Image by Joseph Hewitt of Ataraxia Theatre.
Archaeology is a famously ghoulish pursuit whose practitioners are always on the look-out for dead bodies to gloat over. If we can’t find a grave, then at least we’ll try to get hold of animal bones from kitchen middens and sacrificial deposits. I’ve seen desperate Mesolithic researchers cackle with funereal glee over the toe bones of long-dead seals. Osteologists are of course the worst necrophiliacs of the lot. But nobody’s immune. There’s an anecdote going around about my old favourite teacher, where he lifts a pelvis out of a Middle Neolithic grave, licks his lips while turning the charnel thing over in his hands, and exclaims, “Now this was a very beautiful woman!”.
Less well known are the constant zombie encounters that archaeologists have to put up with. It’s not that we excavate a lot of zombies. Soft tissues decay rapidly, and once the main ligaments have dissolved, the zombie can’t really move any more. A de-fleshed zombie doesn’t automatically turn into an animated skeleton: those are mostly superstition. And cremation pretty much puts a dead guy in his place. No, the dead don’t rise much from the kind of sites we usually dig, unless you run into the rare lich king or barrow wight, or work in Egypt. Instead we tend to get a lot of recent zombies shuffling around our working environment.
It starts already at the university. Many lecturers turn into zombies scant years into their tenure, and non-zombies are rare among the adult education students in the night classes. I lost count of the times I had to flee from slavering carrion hordes down the nightmarish Modernist corridors of the South Buildings during my years at the University of Stockholm.
Then you’re on your first training dig, and your co-workers turn out to be zombies. I remember this one excavation at Sanda in Fresta where a group of Samhall special-needs workers were employed for heavier tasks. They may have looked like park-bench drunks, and that confused me at first since I thought they were the main site staff, but soon it was all “Braaains… Braaains… Got a ciiiig’rette, buddy?” It’s simply stressful, what with all the digging implements around. Imagine what a zombie can do with a fyllhammare pointed hoe, right?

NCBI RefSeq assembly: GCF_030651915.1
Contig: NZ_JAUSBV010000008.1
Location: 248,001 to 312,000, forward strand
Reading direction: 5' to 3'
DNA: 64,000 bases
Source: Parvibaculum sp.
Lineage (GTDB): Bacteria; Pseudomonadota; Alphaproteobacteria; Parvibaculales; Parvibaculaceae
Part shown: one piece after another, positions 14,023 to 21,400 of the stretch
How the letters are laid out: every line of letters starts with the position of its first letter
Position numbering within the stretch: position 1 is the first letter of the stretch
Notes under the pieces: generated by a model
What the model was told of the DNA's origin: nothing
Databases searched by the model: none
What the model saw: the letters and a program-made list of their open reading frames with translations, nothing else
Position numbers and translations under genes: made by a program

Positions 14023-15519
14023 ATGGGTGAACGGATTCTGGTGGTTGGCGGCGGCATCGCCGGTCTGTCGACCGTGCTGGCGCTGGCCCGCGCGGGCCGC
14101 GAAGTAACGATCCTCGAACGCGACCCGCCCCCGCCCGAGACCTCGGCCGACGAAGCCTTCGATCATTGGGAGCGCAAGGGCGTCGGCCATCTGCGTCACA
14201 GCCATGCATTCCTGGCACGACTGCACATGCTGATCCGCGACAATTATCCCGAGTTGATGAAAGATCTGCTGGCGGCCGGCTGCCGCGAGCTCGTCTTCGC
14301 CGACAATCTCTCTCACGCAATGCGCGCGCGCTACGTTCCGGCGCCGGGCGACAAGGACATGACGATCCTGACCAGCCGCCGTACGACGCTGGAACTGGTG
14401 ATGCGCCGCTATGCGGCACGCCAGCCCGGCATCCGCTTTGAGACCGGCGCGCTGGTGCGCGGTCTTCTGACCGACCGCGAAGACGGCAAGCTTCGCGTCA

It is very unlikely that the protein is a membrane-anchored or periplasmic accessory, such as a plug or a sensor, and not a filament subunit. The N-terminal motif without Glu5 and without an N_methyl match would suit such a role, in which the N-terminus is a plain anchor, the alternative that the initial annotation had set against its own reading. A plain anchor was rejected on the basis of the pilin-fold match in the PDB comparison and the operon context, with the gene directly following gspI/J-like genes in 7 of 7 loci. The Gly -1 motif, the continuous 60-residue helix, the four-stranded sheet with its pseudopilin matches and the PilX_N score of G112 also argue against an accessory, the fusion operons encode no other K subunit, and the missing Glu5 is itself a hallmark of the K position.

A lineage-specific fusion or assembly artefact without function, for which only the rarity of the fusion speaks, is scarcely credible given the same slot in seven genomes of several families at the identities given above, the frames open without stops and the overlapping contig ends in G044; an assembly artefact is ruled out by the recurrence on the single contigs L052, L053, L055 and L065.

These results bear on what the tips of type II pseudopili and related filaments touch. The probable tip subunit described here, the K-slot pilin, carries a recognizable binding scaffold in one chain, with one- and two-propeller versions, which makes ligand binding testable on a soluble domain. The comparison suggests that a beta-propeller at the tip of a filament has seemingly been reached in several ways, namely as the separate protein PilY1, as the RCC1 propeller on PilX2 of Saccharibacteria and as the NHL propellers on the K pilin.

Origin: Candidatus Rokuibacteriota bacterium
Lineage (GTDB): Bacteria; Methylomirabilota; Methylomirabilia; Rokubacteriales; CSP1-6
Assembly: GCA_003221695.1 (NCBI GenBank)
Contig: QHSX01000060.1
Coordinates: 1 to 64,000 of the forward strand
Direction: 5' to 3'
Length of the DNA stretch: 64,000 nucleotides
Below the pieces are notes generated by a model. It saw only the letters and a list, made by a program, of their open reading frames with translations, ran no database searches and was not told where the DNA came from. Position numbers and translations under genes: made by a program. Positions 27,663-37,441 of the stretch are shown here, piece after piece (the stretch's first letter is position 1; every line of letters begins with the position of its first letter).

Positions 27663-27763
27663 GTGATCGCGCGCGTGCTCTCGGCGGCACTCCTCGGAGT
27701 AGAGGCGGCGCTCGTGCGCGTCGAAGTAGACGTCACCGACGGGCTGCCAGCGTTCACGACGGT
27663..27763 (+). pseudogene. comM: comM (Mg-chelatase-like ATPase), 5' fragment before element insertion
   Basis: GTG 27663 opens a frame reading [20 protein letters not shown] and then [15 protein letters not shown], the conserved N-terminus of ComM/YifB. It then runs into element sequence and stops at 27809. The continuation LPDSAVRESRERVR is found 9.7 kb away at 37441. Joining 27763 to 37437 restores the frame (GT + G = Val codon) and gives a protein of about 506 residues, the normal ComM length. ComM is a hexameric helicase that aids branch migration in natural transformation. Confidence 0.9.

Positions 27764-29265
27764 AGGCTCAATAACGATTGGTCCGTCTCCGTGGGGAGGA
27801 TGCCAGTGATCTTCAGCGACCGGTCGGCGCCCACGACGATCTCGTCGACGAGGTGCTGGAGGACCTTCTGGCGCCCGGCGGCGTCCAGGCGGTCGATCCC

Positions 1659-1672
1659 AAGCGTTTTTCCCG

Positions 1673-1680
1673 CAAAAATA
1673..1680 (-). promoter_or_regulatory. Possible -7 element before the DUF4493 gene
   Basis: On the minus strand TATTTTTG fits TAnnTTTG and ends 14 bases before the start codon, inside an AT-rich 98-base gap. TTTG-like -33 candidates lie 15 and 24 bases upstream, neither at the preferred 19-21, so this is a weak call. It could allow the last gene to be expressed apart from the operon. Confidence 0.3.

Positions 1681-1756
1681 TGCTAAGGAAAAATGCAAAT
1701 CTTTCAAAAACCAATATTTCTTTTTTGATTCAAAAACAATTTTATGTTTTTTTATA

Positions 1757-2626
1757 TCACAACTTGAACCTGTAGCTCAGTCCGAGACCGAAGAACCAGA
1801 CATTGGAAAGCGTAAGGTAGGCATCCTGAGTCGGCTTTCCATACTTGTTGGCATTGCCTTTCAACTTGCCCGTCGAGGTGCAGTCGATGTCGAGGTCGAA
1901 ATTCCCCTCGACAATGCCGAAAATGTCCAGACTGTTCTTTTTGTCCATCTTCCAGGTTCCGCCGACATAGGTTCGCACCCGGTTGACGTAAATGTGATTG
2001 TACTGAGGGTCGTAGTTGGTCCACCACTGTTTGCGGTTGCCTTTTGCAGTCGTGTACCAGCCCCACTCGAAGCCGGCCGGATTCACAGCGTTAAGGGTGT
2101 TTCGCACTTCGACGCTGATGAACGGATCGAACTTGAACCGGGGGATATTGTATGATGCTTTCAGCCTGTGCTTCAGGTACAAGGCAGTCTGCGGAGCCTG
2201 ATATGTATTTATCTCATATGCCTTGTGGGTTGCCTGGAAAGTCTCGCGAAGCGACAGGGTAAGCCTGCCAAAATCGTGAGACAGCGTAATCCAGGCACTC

So you go on to grad school, and you need access to data and finds from old unpublished excavations. And sure enough: the retired fieldworkers controlling access to the stuff have all turned into zombies. How can you have a rational conversation about site plans and documentation methods with an old guy at a provincial museum when he’s trying to gnaw your arm off? It’s ridiculous.
Actually, museums are really the worst places for this. In the exhibitions, in the offices, and of course in every nook and cranny of the stores: it’s zombies, zombies, zombies. Those damp concrete tunnels beneath the Museum of National Antiquities… I shiver to think of them. At the very least you always have to get past some semi-decomposed colleague with a key card on a lanyard around her excarnated neck, rasping, “Wearrr glovessss when haaandling the fiiiindssss… Raaaahhh…”
As a profession, archaeology is second only to mortician work in popularity. I mean, most jobs don’t involve any handling of dead bodies at all, which means that you’ll have to get your kicks strictly in your free time. But nevertheless, before heading into the archaeology business, I think you should ask yourself, “Do I really want to be chased by zombies at work on a regular basis?”. Consider your alternatives. In the movie industry, for instance, the zombies are just normal people in scary make-up. You can have a cup of tea and a chat with them between takes. And you won’t have to endure the smell. Think about it!
And check out Joseph Hewitt’s open-source multi-platform robot game, GearHead!
In other news, the past three months were the best 2nd quarter for traffic I’ve seen so far as a blogger. Thanks guys!